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2018 LPEA Annual Meeting Of The Members Questions

 

We received several questions with regards to individual accounts. We will address those with our members.

 

QUESTION: We have reported a low hanging wire several months ago. Who do we call for a follow-up? The low hanging wire has not been fixed and is a danger.

ANSWER: Call LPEA at 970.247.5786 or email Mike Dreyspring, CEO, at mdreyspring@lpea.coop.

 

Cyber Practices

QUESTION: What is LPEA doing to prepare for massive cyber-attack in Colorado or United States?

ANSWER: LPEA exceeds all NERC CIP requirements related to protecting cyber assets. We monitor for intrusions, regularly test for vulnerabilities and test our incident response plan. Our employees go through extensive and ongoing training related to cyber-security. In addition, we have multiple forms of disaster recovery and backups. For attacks that may impact LPEA’s power supply for a sustained period, LPEA has an Disaster Recovery Plan that utilizes local generation resources to energize critical facilities within LPEA’s service territory. Members should always be prepared and have supplies on hand in the event of a multiple day power outage.

 

Board of Directors

QUESTION: I notice that some of the current sitting directors aren’t present at this meeting, in my opinion this is a pretty big meeting and the election is a huge priority. Is it typical for 3 board members to be missing at these board meetings?

ANSWER: No, it is not typical. Directors typically attend regular and special meetings of the board of directors. They also typically attend Annual Meeting.

 

QUESTION: What is purpose of long term strategies committee?

ANSWER: The Long-Term Strategies Committee was formed to identify gaps in LPEA’s strategic plan. The board felt that the strategic plan was addressing the planning horizon approximately 5 years into the future, and that a longer look was needed. The committee was set up to identify issues to bring back to the full board to consider in the development of LPEA’s strategic plan.

 

 

QUESTION: Why was a special committee appointed to micro managing management’s work?

ANSWER: The assertion of this question is incorrect. Please see the question and answer above about the LTSC’s purpose and scope of work.

 

Tri-State Generation & Transmission

QUESTION: What is the total percentage of coal in the fuel mix used by all sources of LPEA electricity (Tri-state and all purchased sources including Basin, etc.)?

ANSWER: Tri-State has not finalized 2017 generation resource number yet, but their best available data is forecasting 30% renewables and hydro in 2017. It takes several months after the close of the calendar year to reconcile data, including information from Basin and WAPA.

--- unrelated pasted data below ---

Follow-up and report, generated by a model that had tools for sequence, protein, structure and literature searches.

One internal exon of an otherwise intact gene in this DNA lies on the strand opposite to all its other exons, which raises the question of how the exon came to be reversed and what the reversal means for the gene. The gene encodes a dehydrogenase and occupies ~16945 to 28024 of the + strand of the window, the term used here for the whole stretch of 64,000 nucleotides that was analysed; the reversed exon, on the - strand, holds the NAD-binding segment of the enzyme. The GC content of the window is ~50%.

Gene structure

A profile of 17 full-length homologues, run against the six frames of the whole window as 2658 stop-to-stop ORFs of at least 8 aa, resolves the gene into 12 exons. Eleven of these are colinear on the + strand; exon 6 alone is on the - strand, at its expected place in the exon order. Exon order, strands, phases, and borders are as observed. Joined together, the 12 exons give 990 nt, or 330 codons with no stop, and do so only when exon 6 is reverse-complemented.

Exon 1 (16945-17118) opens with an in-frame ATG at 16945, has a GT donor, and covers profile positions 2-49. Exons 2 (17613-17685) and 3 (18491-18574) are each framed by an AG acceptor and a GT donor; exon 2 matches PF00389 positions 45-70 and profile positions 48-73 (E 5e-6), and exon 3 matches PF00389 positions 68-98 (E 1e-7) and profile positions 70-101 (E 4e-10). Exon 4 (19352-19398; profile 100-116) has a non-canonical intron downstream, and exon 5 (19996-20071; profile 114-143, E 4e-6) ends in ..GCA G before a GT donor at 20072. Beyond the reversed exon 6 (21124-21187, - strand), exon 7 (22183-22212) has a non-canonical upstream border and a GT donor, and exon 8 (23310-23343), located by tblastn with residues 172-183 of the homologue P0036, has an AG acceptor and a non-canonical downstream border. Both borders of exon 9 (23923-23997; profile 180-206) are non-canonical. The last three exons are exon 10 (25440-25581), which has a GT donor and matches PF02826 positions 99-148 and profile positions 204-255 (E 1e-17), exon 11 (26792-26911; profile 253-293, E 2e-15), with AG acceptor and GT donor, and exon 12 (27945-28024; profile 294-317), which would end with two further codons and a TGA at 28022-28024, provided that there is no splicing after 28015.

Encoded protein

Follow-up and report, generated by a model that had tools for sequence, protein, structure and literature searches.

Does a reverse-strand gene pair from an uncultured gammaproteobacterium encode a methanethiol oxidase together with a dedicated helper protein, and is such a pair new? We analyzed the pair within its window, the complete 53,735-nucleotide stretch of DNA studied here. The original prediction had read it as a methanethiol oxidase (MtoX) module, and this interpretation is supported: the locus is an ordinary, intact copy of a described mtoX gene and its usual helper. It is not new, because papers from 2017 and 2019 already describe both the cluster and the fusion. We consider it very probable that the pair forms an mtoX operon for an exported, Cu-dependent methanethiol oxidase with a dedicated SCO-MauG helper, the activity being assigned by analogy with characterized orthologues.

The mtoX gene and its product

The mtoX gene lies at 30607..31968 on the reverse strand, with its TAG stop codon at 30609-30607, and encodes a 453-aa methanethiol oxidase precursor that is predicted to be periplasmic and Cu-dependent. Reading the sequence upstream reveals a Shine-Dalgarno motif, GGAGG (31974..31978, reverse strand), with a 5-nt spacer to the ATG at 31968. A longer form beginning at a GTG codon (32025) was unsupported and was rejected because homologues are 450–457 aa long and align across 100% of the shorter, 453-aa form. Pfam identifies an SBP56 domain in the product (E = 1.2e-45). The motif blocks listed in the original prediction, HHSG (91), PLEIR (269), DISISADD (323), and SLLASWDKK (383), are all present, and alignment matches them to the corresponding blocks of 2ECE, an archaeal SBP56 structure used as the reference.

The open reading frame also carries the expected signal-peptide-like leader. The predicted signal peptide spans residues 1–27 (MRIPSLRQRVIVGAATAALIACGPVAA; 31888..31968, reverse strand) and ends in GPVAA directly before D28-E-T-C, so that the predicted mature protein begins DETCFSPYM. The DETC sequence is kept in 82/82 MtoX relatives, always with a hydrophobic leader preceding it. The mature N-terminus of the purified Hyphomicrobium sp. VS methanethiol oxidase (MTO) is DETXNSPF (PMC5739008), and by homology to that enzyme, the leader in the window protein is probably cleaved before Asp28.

Chart18A.jpg

 

QUESTION: What wholesale electric rate did LPEA pay to Tri-State in the years 2002 and 2017?

ANSWER: Here is all the data since we have been a member of Tri-State in 1992

Tri-State Class A Rate Trending

 
 

Demand

Energy

Blended

% Increase

1992

11.82

17.38

36.44

 

1993

11.82

17.38

36.44

0.0%

1994

11.82

17.38

36.44

0.0%

1995

13.12

16.42

37.58

3.1%

1996

13.12

16.42

37.58

0.0%

1997

12.21

15.62

35.31

-6.0%

1998

12.21

15.62

35.31

0.0%

1999

12.21

15.62

35.31

0.0%

2000

12.21

15.62

35.31

0.0%

2001

13.53

17.06

38.88

10.1%

2002

13.53

17.06

38.88

0.0%

2003

14.46

18.31

41.63

7.1%

2004

14.46

18.31

41.63

0.0%

2005

16.66

20.56

47.42

13.9%

2006

17.37

21.33

49.34

4.0%

2007

18.32

23.74

53.28

8.0%

2008

20.56

26.43

59.58

11.8%

2009

21.5

27.35

62.02

4.1%

2010

21.5

27.35

62.02

0.0%

2011

21.5

27.35

62.02

0.0%

2012

22.38

28.95

65.04

4.9%

2013

0

71.76

71.76

10.3%

2014

0

73.56

73.56

2.5%

2015

26.49

28.2

70.91

-3.6%

2016

18.76

40.34

70.59

-0.5%

2017

19.34

42.04

73.23

3.7%

2018

19.34

42.04

73.23

0.0%

         

5-year Average Increase

0.4%

10-year Average Increase

2.1%

15-year Average Increase

3.8%

20-year Average Increase

3.7%

25-year Average Increase

2.8%

 

Incentives and Subsidies

QUESTION: How come we the members are subsidizing roof top solar 1 million dollars per year if solar is supposed to be cheaper than what we buy from Tri-State electricity? When will the board change this policy?

ANSWER: At the time the initial rates were set up, LPEA developed the rates with an eye toward Colorado Statute compliance. Now that we have multiple years of rate performance under our belt, we now know the rate structure for net metering needs to be reevaluated during the next review of rates, probably later this year.

 

QUESTION: The minutes show that in May the board approved taking $22,000 out of the budget every year to give to green projects fund which by the way was the first meeting the new directors (Racheal Landis & Guinn Unger) attended. How was this justified? Was this a pay back to the solar companies for their campaign support? (They may argue the money comes from Williams but that is not true. It affects LPEA rates and Guinn ran on the fact he was going to lower rates) Guinn promised to lower rates if elected just like his friends running this year. What happened? What is boards position on subsidizing renewables or providing incentives?

ANSWER: A motion approving a purchase power agreement between LPEA and a waste heat recovery project, was modified to appropriate $22,500 to LPEA’s Voluntary Green Fund program from the entire membership. The board is always considering various incentives for the membership to support the evolution of various technologies that support the goals of the cooperative.